How do you describe yourself as an equestrian?
I came to the horse world with a very modest background. I loved horses for as long as I could remember and never outgrew it. It started like most girls with toy horses and pony rides at every place we could find them. My love continued to grow through high school, with me going trail riding at local tourist locations every chance I got.
My senior year I finally went out and found a local boarding barn that happened to have a horse for sale. I was ecstatic that night as I came home a horse owner, much to my parents’ shock!
Since that first horse, I have learned everything I could and got into the world of driving and showing draft horses. I love the glamour and fast pace of the horse shows, but at the end of the day, my favorite thing is still the wonderful horses themselves. I’m an equestrian who loves the sport but loves the horses more! It’s my passion and that’s never going to change.
What role do horses currently play in your life?
Horses will always be a huge part of my life. In the last two years, I have gotten engaged and had my first child, and am currently pregnant with my second. Having a family now means having to work twice as hard to keep boarding my horses as well as manage my time to see them, but I wouldn’t change a thing. They mean the world to me and getting out of the hobby has never even crossed my mind. I can’t wait until my daughter and son are old enough to enjoy them with me.
How has your culture influenced your equestrian lifestyle?
It’s probably harder for me than most equestrians of color to answer this question. I was adopted as an infant with my twin sister so she and I have had to discover our culture on our own. But probably the thing I can most relate to is the large sense of community.
I adore meeting new people in the horse world and especially helping out those that I can. I’m not a professional by any means but have now been a horse owner for 10+ years. There’s a lot of people in the horse world who aren’t like that. They see everyone as competition and are reluctant to help. I decided right away that was not the person I was going to be and in return, I have built a great horse community around myself.
What is your happiest or proudest moment as an equestrian?
My happiest moments will always be when I’m showing at the fairs. Draft horse showing is very different, as the shows usually take place during a county or state fair. As part of the fair’s exhibition, you are usually camping out there for days at a time.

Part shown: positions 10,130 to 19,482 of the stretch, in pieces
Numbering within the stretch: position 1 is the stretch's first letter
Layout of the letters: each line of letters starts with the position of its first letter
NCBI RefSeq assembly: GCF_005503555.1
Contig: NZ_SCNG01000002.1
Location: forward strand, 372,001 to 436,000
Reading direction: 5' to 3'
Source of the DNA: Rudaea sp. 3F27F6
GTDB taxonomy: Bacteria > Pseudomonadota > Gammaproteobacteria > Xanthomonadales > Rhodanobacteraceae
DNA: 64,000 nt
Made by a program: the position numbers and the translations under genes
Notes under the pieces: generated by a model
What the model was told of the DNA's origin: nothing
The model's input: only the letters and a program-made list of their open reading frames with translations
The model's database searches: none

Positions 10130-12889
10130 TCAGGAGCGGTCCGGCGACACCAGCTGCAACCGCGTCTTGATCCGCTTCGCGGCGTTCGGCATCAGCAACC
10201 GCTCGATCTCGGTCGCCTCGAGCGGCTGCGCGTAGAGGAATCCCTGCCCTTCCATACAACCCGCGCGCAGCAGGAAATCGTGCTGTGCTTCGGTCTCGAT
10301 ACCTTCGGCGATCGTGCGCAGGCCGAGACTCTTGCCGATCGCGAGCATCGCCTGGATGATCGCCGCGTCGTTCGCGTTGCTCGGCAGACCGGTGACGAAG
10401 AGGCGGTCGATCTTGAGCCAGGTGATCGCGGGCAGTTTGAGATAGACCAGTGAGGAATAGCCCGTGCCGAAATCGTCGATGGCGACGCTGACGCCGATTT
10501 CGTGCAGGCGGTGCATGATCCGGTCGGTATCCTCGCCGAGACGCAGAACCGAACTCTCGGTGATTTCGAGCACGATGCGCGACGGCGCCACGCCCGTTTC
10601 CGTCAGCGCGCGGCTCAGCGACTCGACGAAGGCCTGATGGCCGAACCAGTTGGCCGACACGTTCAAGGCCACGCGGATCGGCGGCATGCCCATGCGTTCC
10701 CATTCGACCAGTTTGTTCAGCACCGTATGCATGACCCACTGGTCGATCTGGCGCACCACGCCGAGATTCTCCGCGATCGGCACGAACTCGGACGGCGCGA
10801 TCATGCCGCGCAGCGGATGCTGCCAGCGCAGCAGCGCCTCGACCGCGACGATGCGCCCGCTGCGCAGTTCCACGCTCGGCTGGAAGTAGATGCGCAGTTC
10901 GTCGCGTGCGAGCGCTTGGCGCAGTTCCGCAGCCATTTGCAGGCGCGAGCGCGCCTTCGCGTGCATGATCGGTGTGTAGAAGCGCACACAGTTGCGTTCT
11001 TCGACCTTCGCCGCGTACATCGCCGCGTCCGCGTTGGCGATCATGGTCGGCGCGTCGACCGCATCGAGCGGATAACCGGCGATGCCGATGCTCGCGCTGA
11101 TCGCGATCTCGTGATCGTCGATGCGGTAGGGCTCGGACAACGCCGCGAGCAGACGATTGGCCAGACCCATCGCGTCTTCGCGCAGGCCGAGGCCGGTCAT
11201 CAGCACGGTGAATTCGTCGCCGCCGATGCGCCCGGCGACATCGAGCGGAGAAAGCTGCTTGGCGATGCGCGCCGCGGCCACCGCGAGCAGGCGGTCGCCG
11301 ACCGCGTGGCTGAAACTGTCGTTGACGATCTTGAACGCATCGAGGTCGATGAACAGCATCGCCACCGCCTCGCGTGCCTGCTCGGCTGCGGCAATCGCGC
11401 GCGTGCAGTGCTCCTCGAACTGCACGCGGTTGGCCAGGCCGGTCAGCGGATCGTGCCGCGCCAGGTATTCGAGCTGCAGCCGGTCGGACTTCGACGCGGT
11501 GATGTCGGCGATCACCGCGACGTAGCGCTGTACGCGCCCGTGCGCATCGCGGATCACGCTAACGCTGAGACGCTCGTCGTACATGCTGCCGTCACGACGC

It’s hard and certainly not glamorous, from early mornings and spending the night in the stall, but there’s also something so surreal about it. It’s not about the show itself even, it’s about meeting and talking with the other exhibitors, cookouts, games, and late nights at the fair.
Of course, doing well at the show is always a bonus. My first year showing I went from being in reserve to my second year showing and placing second in a class of over ten amazing female drivers. There was so much work and dedication that went into making that difference.
At another show I was lucky enough to have my mare place first in her class, win Reserve Champion Junior mare, and Reserve Grand Champion mare. I don’t think I stopped smiling that entire fair.
What challenges have you faced as an equestrian of color?
I think the hardest part is the lack of representation and people who can relate to you on a cultural or racial level. This country is in a very challenging time dealing with issues of culture and race, and it’s very hard to have that aspect of your life and no one from this part of your life can understand.
I have found the horse world to be welcoming and accepting, but that doesn’t mean they can relate to issues of racism. In addition, I have run into the sideways glances and stares of “she doesn’t belong here, she must be lost”.
It’s also hard from the aspect of representation when you see the elites at the top of your sport and no one even remotely looks like you. I think this is especially hard for people who are interested but not in the sport yet. It can be a discouragement to even get started.
What words of encouragement would you have for other equestrians of color or people of color considering becoming equestrians?
The biggest thing is to not let anything stop you. It was so easy for me not to push myself at first or try my hardest because I looked at all the people doing well and thought that would never be me. But in so many other sports we are beginning to see great athletes from a bunch of different diverse backgrounds, I hope equestrian sports are not far behind.
We’re never going to see a change unless we start being that change.
Horse breed – Percheron
Horse color – Black
Discipline – Hitch Driving
Treat to give – Molasses cookie
Place to ride – Trails
Erin Beckett is a photographer and filmmaker located near Milwaukee, Wisconsin. She believes that by sharing stories of diversity, we can start much needed conversations about race, equality, and why representation matters.